Non-pharmacological treatments

Non-pharmacological treatments may also be of value, or remain experimental. In particular, psychotherapies continue to be used widely even without adequate evidence of efficacy in bipolar depression, probably by hopeful analogy to the proven value of methods such as cognitive–behavioural and interpersonal psychotherapies in unipolar major depressive disorder (Schaub 2013) and evidence that psychosocial interventions augment mood stabilisation in bipolar disorder (Prasko 2013). Intense light therapy and sleep deprivation, too, are plausible candidate treatments but require adequate testing in bipolar depression.

Electroconvulsive therapy is probably effective in bipolar depression (Medda 2013). Vagal nerve stimulation is FDA-approved for otherwise treatment-resistant depression without specification of illness polarity (Baldessarini 2013a). Repeated transcranial magnetic stimulation and various forms of electrical stimulation of the brain remain experimental (Nierenberg 2008).

Conclusions

This overview was stimulated by the fact that depression in bipolar disorder is a clinically and economically burdensome, and sometimes dangerous, condition that presents major therapeutic challenges. Episodes of major depression in bipolar disorder, as well as dysthymia and dysphoric/agitated mixed states, are major contributors to residual morbidity, disability and excess mortality, even with treatment.

We summarised the limited research evidence of efficacy for several treatment modalities, finding encouraging results with some mood-stabilising anticonvulsants and second-generation antipsychotic drugs. However, a critical conclusion is that placebo-controlled trials of all plausible treatments in acute bipolar depression remain very scarce, notably including assessment of the oldest and best-established mood-stabilising agent, lithium. The value and risks of antidepressants in acute bipolar depression remain controversial, and research results are inconsistent. Nevertheless, trials that were identified yielded evidence of significant overall efficacy of antidepressants in bipolar depression that, remarkably, was not less than that found in unipolar depression (Table 1).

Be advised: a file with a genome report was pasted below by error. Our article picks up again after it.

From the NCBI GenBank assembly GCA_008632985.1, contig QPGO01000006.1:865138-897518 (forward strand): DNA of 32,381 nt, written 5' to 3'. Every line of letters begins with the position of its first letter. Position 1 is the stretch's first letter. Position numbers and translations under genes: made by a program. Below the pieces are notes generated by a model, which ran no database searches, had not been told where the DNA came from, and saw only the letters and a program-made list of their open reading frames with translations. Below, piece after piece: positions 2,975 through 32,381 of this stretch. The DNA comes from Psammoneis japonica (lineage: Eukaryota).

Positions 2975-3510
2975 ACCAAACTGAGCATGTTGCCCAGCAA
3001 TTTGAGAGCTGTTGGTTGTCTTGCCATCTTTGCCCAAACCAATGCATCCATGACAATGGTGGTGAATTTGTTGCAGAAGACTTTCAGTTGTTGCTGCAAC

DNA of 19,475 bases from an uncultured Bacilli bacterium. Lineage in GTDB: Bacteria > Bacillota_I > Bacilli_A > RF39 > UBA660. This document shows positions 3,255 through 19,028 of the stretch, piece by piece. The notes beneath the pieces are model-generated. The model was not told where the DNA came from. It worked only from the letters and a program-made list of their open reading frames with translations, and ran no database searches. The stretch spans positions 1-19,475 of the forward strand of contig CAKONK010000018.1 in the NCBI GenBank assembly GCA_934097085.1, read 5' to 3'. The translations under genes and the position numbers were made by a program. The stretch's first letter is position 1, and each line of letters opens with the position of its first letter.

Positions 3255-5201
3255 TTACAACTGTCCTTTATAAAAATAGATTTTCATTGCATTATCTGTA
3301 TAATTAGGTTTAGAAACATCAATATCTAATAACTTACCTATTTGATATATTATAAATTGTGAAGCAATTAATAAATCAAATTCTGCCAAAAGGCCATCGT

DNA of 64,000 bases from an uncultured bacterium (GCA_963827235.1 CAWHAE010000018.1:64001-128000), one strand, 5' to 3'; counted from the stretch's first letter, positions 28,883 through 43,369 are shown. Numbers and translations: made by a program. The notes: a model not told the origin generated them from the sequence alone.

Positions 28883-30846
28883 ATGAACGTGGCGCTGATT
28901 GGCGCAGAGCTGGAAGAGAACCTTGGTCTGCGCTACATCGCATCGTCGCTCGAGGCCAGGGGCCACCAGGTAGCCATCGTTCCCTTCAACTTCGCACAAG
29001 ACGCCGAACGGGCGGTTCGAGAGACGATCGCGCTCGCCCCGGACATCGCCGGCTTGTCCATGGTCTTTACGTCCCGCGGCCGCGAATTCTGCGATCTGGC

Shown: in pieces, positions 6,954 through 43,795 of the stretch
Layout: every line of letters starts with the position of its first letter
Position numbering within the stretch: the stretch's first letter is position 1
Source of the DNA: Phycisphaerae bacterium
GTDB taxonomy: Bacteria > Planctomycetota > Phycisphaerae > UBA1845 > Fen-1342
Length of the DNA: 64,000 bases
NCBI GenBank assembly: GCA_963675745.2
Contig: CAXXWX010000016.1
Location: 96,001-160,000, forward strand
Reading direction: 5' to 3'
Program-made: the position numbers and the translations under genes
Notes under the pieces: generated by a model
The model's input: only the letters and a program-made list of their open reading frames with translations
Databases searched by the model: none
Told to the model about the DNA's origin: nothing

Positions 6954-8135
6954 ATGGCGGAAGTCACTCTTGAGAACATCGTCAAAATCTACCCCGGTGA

Moreover, adequately designed assessments of the value and risks of sustained, long-term treatment in bipolar disorder with antidepressants – either alone or more often in combination with mood-stabilising or antipsychotic treatments, with prophylactic intent – remain rare and insufficient to guide clinical practice. The paucity of compellingly effective alternatives encourages continued study of antidepressants in bipolar depression, and the value and potential added safety of their use in combination with mood-stabilising or antipsychotic agents require adequate testing. It is inevitable that lack of highly effective treatments for bipolar depression encourages widespread empirical applications of polytherapy, even though these remain largely untested for effectiveness and safety.

Further studies are required to advance therapeutic practices, despite difficulties that may be encountered, including concerns for potentially dangerous behavioural activation during antidepressant trials. There is also uncertain commercial interest in bipolar depression, as distinct from large and proven markets represented by unipolar major depressive and anxiety disorders, as well as concern for risk of inducing mania (which is unlikely with antipsychotic agents). Another important but unresolved question is whether particular aspects of psychopathology – including mild, subsyndromal hypomanic features or elements of mixed states that would not meet currently widely used but narrow diagnostic criteria – are predictive of poor responses to antidepressants in depression, as has been proposed recently. Moreover, it remains unclear whether such an effect would represent a characteristic of a syndrome type or a consequence of current agitation.